Most of us have little knowledge or concern about methane. But this small molecular gas in the air could play a major role in the future of aquaculture or even for humanity itself.
Much of the recent news about methane is draped in political controversy. I don’t want to step into that discussion. The purpose of this post is simply to establish why methane could be more important in the future of aquaculture.
- Atmospheric methane is a natural gas produced by plant decay that normally has little effect. However it’s levels are increasing rapidly in our air. It is believed to have a greater impact on atmospheric warming than CO2 due to its molecular structure.
- Most methane is naturally produced without human involvement.
- The largest source of methane is wetlands.
- Sea level rise (and other factors) is triggering a sharp and dangerous increase in atmospheric methane.
- Draining and development of wetlands through management of sea level rise response decreases methane production.
- Conversely, creating man-made wetlands like rice paddies or fish ponds increases methane production.
- Oysters and shellfish aquaculture is implicated in methane production.
There is a lot of news about methane in the past few weeks. We will need to wait until the dust settles to see any useful trend in government response to know what real long term impact any of this news has on management of wetlands. I posted a primer on methane gas including points note related to aquaculture on my personal blog titled “15 basic facts about methane and the environment“.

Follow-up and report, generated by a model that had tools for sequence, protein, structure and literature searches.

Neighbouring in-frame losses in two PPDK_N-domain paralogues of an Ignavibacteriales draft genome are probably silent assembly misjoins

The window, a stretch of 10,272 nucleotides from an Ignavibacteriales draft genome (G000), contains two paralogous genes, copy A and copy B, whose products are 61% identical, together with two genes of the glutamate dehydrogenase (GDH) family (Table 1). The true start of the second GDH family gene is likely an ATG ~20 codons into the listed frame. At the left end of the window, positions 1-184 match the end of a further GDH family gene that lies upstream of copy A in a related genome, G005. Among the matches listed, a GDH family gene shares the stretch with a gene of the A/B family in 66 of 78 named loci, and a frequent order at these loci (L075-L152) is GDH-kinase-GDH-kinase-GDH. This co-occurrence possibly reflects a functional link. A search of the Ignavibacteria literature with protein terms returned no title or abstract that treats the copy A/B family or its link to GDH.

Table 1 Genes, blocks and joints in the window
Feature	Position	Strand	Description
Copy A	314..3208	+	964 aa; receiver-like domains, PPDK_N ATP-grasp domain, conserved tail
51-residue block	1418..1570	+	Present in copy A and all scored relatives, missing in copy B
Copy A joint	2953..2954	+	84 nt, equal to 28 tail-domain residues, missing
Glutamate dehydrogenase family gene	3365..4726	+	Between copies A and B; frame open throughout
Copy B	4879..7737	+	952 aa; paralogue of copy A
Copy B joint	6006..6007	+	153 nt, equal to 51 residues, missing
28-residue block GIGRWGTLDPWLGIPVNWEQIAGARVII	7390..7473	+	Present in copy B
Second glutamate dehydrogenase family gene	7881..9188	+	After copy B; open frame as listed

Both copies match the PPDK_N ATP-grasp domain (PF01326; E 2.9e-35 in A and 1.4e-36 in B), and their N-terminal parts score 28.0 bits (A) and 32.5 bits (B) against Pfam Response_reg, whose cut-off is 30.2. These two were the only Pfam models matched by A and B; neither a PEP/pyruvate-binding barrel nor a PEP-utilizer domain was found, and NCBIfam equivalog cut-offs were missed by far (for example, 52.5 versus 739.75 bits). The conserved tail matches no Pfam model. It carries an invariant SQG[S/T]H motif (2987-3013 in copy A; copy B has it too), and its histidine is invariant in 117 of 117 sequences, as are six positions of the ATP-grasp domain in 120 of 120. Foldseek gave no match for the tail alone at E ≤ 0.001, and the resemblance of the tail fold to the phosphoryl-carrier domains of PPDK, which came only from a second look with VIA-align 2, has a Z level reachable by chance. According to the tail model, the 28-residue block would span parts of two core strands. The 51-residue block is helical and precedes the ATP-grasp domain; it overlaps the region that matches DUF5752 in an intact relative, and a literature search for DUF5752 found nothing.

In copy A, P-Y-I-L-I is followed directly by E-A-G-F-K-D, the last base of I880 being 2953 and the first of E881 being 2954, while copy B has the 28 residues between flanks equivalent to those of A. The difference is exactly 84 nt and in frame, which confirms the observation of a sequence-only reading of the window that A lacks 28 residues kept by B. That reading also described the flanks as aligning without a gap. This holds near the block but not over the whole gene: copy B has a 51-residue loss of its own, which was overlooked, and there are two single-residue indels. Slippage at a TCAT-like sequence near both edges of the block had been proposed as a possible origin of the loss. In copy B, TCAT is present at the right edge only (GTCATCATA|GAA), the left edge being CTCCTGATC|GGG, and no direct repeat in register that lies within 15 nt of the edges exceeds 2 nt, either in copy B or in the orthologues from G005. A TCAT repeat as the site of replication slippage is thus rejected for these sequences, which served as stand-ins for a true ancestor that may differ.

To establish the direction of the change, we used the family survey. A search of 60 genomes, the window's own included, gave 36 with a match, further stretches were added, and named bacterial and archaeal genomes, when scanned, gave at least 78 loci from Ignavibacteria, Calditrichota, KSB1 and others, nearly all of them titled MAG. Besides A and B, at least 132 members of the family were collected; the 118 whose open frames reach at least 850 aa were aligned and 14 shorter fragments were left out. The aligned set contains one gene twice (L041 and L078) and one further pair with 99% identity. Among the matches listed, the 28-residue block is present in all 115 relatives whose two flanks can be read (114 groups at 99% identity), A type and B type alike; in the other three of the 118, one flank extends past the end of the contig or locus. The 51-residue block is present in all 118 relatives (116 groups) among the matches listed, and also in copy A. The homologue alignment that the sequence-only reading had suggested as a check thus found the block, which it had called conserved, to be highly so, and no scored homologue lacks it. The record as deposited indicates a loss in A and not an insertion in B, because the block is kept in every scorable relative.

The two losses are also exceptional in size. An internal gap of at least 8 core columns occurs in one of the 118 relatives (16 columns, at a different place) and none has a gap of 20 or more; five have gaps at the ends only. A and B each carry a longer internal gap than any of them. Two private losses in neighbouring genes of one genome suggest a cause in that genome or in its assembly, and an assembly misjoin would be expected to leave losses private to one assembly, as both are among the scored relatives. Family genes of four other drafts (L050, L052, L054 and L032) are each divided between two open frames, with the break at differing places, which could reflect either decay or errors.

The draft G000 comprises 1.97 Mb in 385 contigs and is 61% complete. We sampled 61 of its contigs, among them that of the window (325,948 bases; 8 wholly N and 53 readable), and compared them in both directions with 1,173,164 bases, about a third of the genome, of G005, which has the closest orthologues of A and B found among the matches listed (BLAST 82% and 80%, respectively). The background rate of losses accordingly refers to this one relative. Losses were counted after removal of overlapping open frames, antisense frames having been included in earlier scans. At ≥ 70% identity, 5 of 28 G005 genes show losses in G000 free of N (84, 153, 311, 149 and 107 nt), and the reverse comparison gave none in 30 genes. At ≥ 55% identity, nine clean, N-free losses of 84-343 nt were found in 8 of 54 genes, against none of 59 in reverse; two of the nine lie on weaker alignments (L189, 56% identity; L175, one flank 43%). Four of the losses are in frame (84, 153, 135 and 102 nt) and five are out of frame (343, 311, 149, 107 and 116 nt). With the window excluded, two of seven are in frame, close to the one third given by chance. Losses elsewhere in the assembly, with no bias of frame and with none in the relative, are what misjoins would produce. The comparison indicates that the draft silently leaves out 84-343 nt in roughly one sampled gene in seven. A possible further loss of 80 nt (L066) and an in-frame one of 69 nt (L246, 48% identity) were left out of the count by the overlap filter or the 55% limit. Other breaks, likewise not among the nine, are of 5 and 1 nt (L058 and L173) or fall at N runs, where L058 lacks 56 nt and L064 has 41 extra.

A new way to use climate change models developed by NOAA may be used to forecast effects on Delaware Bay fisheries according to a recent news report. The basic conclusion, as I understand it from a range of conversations with researchers and a reading of the available information, is that the changes forecast for our Delaware Bay will make the bay more challenging for oyster growers but potentially more favorable for blue claw crabs.
The Virginia Pilot reports “NOAA said its researchers might apply the same “downscaling” method to predict the potential effects of climate change on other species such as blue crabs and striped bass and other estuaries, including the Delaware Bay.” Other published seafood industry publications have predicted that these same forces of water temperature warming and acidification might actually benefit blue claw crabs.
My own opinion, not necessarily shared by researchers or the oyster industry*, is that resistant strains of oysters will be developed to combat the adverse effects of climate change (vibrio and acidification) but that seafood consumers will eventually insist on seafood (including oysters) that is sterilized through some procedure to kill any potential pathogens prior to consumption. That technology exists today but is not widely used. In the end, these development are more likely to have greater (positive) impact on funding for the scientific community by triggering the need for more research and development than on consumers or the seafood industry.
*Opinions expressed in this blog are my own and do not represent the opinions of any of the commercial or educational firms associated with Nantuxent Corporation.